Tom Bailey: Science Fiction – album review
Released 13 July 2018
“An affectionate look at the possibilities of Science Fiction. ….Science-fiction seems to be futuristic but of course it’s really about now. It’s an excuse to think about the mess were in now and how we in anyway influence that”. Tom Bailey
Sparkling circuits of synth and electronic sound effect inflate the madness of Tom Bailey’s new solo release Science Fiction, set to unveil July 13. Simultaneously captivating and compelling, like in many cases of madness, the brilliance is evident. Well suited for the turmoil of our Information Age, this is a geographical album, stemming from Afghanistan to Mars, reading like a map of uncertainty.
“Actually one of the songs I’ve written on the album is kind of questioning the wisdom of saying let’s all move to Mars. We’ve made such a mess of the earth, let’s move to Mars. Well to me that’s not an option either. We have a great responsibility to look after our closest relationships and widest consideration of the whole space that we occupy. I guess at the risk of sounding high and mighty I think it’s incredibly important to pop music if it has any hope of being relevant I have to maintain those responsibilities”….Tom Bailey
Although the album has that magic flavor of 80’s nostalgia we all loved via The Thompson Twins, the lyrical messages are relevant for today. Although this is the first solo album ever for Tom Bailey, and the first pop music release in 25 years, he said in a recent interview that it felt comfortable and he was enjoying it.
The lead track, Science Fiction, immediately catapults you musically back into the 80s, instrumentally, comfortable and warm as if one were seeing an old friend whom you once loved. However the lyrics speak differently. The song was written from the standpoint of a frustrated lover who’s partner was so engrossed in the hobby of reading books of science fiction, that it was impossible to get their attention. According to Bailey “it’s kind of looking out to space to the stars thinking what can we learn from the wider perspective and imagining the truth out there”.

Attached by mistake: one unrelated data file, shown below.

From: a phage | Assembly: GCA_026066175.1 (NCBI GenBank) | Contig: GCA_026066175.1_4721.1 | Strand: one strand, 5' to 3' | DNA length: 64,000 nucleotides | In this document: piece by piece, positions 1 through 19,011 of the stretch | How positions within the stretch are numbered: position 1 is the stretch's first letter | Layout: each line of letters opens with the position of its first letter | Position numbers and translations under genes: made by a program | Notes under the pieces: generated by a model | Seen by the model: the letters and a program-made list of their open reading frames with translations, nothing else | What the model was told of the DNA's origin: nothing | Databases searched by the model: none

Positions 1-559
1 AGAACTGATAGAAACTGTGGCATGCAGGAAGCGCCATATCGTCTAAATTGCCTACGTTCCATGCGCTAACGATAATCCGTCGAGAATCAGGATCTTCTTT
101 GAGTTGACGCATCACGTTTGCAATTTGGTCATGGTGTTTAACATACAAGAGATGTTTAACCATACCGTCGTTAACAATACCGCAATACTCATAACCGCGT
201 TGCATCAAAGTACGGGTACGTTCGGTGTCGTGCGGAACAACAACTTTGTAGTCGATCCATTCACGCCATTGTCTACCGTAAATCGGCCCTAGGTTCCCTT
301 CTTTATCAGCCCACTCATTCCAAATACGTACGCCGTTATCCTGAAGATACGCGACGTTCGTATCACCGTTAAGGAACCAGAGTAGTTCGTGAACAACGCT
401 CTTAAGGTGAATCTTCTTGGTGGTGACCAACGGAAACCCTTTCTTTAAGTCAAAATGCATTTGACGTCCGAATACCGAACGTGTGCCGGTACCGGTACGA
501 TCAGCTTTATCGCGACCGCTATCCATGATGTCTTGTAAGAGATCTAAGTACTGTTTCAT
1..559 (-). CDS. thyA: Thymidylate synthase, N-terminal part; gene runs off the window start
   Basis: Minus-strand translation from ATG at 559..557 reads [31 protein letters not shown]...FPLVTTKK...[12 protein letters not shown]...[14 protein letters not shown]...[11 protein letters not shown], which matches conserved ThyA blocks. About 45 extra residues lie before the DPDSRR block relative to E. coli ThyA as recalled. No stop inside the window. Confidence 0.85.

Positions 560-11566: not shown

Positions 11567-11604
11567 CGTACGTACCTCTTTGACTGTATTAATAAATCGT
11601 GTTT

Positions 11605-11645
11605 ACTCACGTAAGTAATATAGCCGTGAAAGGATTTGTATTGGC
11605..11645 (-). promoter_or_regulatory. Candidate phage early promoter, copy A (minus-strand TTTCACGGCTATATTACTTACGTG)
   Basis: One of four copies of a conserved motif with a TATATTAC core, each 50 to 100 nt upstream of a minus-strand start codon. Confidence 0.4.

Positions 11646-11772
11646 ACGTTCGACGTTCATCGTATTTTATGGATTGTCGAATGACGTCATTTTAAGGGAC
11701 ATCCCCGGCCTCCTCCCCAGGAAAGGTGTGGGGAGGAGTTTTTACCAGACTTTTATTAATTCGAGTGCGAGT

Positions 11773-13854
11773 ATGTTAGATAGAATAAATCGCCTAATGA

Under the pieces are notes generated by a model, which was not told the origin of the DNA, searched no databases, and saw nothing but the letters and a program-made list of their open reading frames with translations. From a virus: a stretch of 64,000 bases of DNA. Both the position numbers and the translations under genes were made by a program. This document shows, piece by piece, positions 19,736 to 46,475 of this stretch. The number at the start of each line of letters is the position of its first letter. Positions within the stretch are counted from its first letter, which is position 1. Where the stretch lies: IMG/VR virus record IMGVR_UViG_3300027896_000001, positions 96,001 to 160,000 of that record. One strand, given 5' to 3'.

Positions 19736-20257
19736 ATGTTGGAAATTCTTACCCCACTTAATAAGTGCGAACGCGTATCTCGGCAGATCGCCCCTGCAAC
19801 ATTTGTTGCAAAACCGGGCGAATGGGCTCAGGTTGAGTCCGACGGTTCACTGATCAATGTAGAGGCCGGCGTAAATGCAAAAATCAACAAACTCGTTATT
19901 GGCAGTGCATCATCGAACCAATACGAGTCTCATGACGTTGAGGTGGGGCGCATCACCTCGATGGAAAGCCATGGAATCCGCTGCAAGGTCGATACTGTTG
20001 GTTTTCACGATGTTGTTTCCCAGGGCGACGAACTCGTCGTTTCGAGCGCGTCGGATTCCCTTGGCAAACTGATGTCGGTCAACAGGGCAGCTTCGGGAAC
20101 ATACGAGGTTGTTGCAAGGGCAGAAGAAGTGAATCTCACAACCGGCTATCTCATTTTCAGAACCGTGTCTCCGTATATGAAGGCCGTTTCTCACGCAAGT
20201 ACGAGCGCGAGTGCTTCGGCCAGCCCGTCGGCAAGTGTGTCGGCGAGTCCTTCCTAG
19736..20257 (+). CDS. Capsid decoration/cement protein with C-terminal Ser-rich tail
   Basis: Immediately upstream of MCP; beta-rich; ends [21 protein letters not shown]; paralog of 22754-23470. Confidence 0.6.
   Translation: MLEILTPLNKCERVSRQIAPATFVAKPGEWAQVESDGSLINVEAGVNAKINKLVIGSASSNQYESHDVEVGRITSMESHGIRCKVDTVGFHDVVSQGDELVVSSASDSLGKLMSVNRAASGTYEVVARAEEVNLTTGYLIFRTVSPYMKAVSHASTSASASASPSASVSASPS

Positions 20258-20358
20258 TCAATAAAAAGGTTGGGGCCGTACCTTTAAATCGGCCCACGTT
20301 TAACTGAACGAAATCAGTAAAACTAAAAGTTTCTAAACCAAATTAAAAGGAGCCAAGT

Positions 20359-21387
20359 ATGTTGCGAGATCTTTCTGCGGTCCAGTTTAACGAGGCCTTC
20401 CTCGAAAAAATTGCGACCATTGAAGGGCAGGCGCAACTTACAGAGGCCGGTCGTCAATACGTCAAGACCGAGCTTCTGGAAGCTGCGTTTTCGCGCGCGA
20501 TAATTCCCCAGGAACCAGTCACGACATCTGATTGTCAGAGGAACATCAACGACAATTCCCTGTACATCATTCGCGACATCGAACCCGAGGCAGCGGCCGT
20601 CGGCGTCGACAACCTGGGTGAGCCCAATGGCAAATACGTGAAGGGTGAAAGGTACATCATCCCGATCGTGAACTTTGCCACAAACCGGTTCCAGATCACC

Come So Far, the last track, and my personal favorite, a story about a guy who tried to make it from Afghanistan to London. If he doesn’t leave Afghanistan he will die. Aside from the material things he has to give up, he faces the prospect of leaving his culture, his family, and his emotional life. The song is haunting and the message disturbing but the track as a whole is awesomely brilliant.
Other tracks on the release include: Bring Back Yesterday, Work All Day, If You Need Someone, Ship of Fools, Blue, Feels Like Love To Me, and What Kind of World, all instrumentally high voltage, and lyrically asking some tough questions about the mess we’re in today. “Music has always had that ability to be superficial in one moment and really get to the heart of some profound questions in the next” … Tom Bailey
Some tracks, such as Ship Of Fools, project a more jazzy, funky zest, while others like Work All Day, are full out rock. However the entire album is a vast reminder of the music of the Thompson Twins, and what Tom Bailey accomplished then, and certainly accomplished now. The songs are a work of creative art, and the production of the album is one of the best I’ve heard. There’s a air of excitement and when first listening to the album, that is quickly replaced by total addiction and a need to hear it again and again.
Tom Bailey is currently engaged in a massive tour this year in the U.K. and the states. He is already booked for 75 dates, and is excited to do it. Science Fiction will have an impact on the listener and I suggest this album as an essential purchase and bearing in mind the words of the man himself: “I care more about the survival of music than the survival of the music industry.”
Listen to Feels Like Love To Me from the album:
All words by Eileen Shapiro. More of Eileen’s writing can be found in her author’s archive.